Today it is an honor to be a stop on the blog tour for Living in Faith, Dwelling in Doubt (Loyola Press, 120 pp., $13.95), written by Kyle Cupp. I’m a longtime fan of Kyle’s work, which I first encountered on the blog Vox Nova, a few years back.
I did write a little about this book at the end of September, when I first read it – a not-review that was a sort of a review. Today I wanted to present this Q&A with the author – and here it is. Enjoy! And read this book, it is wonderful!
How and when did Living in Faith, Dwelling in Doubt become a book for you? Was it an idea for a book, or was it a series of notes and essays that became a book?
This may sound strange, but I don’t think it really became a book for me until after my editor, Vinita Hampton Wright, took the manuscript I’d given to Loyola Press, cut out about seven chapters, rearranged the whole thing, and returned the draft to me for my review. I’d composed the manuscript in more or less chronological order, but Vinita restructured it with the work’s core story and themes in mind. As I read through it, I finally felt that I was reading a book.
Initial work had begun after the publisher and senior acquisitions editor at Loyola Press encouraged me to submit a book proposal after reading some of my blogging about faith and doubt and the relationship between the two in my own life. This was September of 2011.
I had a lot of themes in mind as I began early drafts, but during the writing process and with the feedback from the editors at Loyola, I narrowed the scope of the book to three basic ideas: how my faith has thrived in various environments of uncertainty, how my daughter’s fatal birth defect taught me that love has no time constraints, and how my relationships with family and friends have all necessitated and nourished my faith.
What is your practice when you write? Do you write daily, at a specific time, or do you write when the Spirit moves you?
Most of my writing gets done after my son and daughter are in bed and I’ve had a few minutes to relax and maybe drink a little coffee. Late at night, in other words. Sometimes I’ll get on a roll first thing in the morning, a time that would be optimal for me if work and school and such weren’t demanding my punctuality. I keep telling myself that I should get up an hour earlier each morning and immediately hit the keyboard, but as usual I don’t listen to me.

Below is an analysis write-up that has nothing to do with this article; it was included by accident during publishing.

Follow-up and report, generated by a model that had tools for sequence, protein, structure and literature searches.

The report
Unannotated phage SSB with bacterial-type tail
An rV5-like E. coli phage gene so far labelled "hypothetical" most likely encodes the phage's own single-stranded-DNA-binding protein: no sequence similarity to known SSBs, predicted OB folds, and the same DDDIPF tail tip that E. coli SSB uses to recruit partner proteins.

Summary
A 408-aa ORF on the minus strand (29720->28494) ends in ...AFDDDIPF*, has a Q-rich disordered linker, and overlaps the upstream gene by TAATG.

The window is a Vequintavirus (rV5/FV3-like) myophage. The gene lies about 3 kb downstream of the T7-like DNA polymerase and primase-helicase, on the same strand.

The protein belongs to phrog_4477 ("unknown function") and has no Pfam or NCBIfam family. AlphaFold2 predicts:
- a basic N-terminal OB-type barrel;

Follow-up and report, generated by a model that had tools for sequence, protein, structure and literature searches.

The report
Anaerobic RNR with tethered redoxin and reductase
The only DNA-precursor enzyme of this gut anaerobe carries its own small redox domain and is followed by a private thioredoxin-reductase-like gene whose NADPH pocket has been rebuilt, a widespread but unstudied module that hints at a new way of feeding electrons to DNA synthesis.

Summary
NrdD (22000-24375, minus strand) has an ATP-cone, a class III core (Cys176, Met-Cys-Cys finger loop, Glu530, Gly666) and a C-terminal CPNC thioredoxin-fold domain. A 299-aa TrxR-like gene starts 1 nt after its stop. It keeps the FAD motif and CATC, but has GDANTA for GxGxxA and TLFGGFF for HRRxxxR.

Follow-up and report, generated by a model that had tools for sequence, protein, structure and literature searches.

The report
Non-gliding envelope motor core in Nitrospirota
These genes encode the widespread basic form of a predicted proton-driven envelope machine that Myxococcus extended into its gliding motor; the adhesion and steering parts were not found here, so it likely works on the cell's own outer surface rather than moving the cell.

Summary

Do you ever find roadblocks, writers block or children’s blocks getting in your way? If so, how do you deal with blocks?
Oh, yeah. The worst offender, though, is just exhaustion. At nine at night my natural inclination is to make some popcorn and chill with a book or television show on DVD. Once I start down that path, though, there’s no going back. I have to fight the urge when I first feel it. I lose as much as I win.
What do you do for fun?
Diagram sentences. Well, not so much anymore. Pity my children, Fran: they will know of my love of the diagrammed word all too soon and all too well. In the meantime, I enjoy the usual stuff: combing dense tomes of continental philosophy, building constructions with my son’s LEGO blocks (and keeping them in my room so he can’t break them), asking divisive questions on Facebook and watching the fireworks. I also play video games.
Name five people or things you are most grateful for.
My wife, my children, my church, my education, and my socks.
Of all the lay ministry experiences you have had, which one has shaped you the most?
I’m going to say the combination of working with couples in preparation for their marriage and working with individuals in pursuit of an annulment. I meet people in love, eager and excited to bond till death do them part; and I assist people whose marriages have left them broken. I’ve come to appreciate the importance of being with others where they live and recognizing that people’s lives rarely conform to my expectations or to abstract rules. Life is messy. Morality is messy too.
Can you name a person who inspires you and tell us why?
My wife Genece. She loves me as I am while encouraging me to be the best person I can be.
What is one thing that you have not done yet, but that you would like to do?
Write a YA novel. It’s next on the agenda.
If you could go anywhere in the world that you wanted, where would you go? Why?
New Zealand. It looks magical just on photo and film.
What is the best part of having your book published and what is the worst part of the experience?
I’ll start with the worst: burn out. The book is relatively short, just a little over a hundred pages, but the final few weeks of composition and revision just took all desire to write out of me. I lost interest in blogging for a while and still haven’t gotten back to my old production level.
The best part of having a book published? That’s easy. I’ve wanted to be an author since high school. So. Dream. Come. True.
I’ve yet to complete the book, but having lost a child recently to miscarriage, have to say that the experience definitely shook our faith. “Why would a God that tells us to be so open to life punish us when we are? Why when there are children born into poverty and abuse would God take a child from parents who have so much to offer? and then say, ‘no more? ‘ ” Open to seeing how this was dealt with. Can’t guarantee that I’ll agree. My own response immediately following my own loss was “Well God, if you love children, stop killing them! “
Emma, I am so sorry to hear this. Please know that you have my prayers.
I have this book in my to-read pile. Sounds great
Aw, somehow between typing and hitting “post,” I lost the punctuation after “great.” (And yes, only a writer and English teacher would notice, or care).
Ah, the trevails of posting comments!
Ginny, I do think that you will really love this book. The subject matter is excellent, and it is so well written.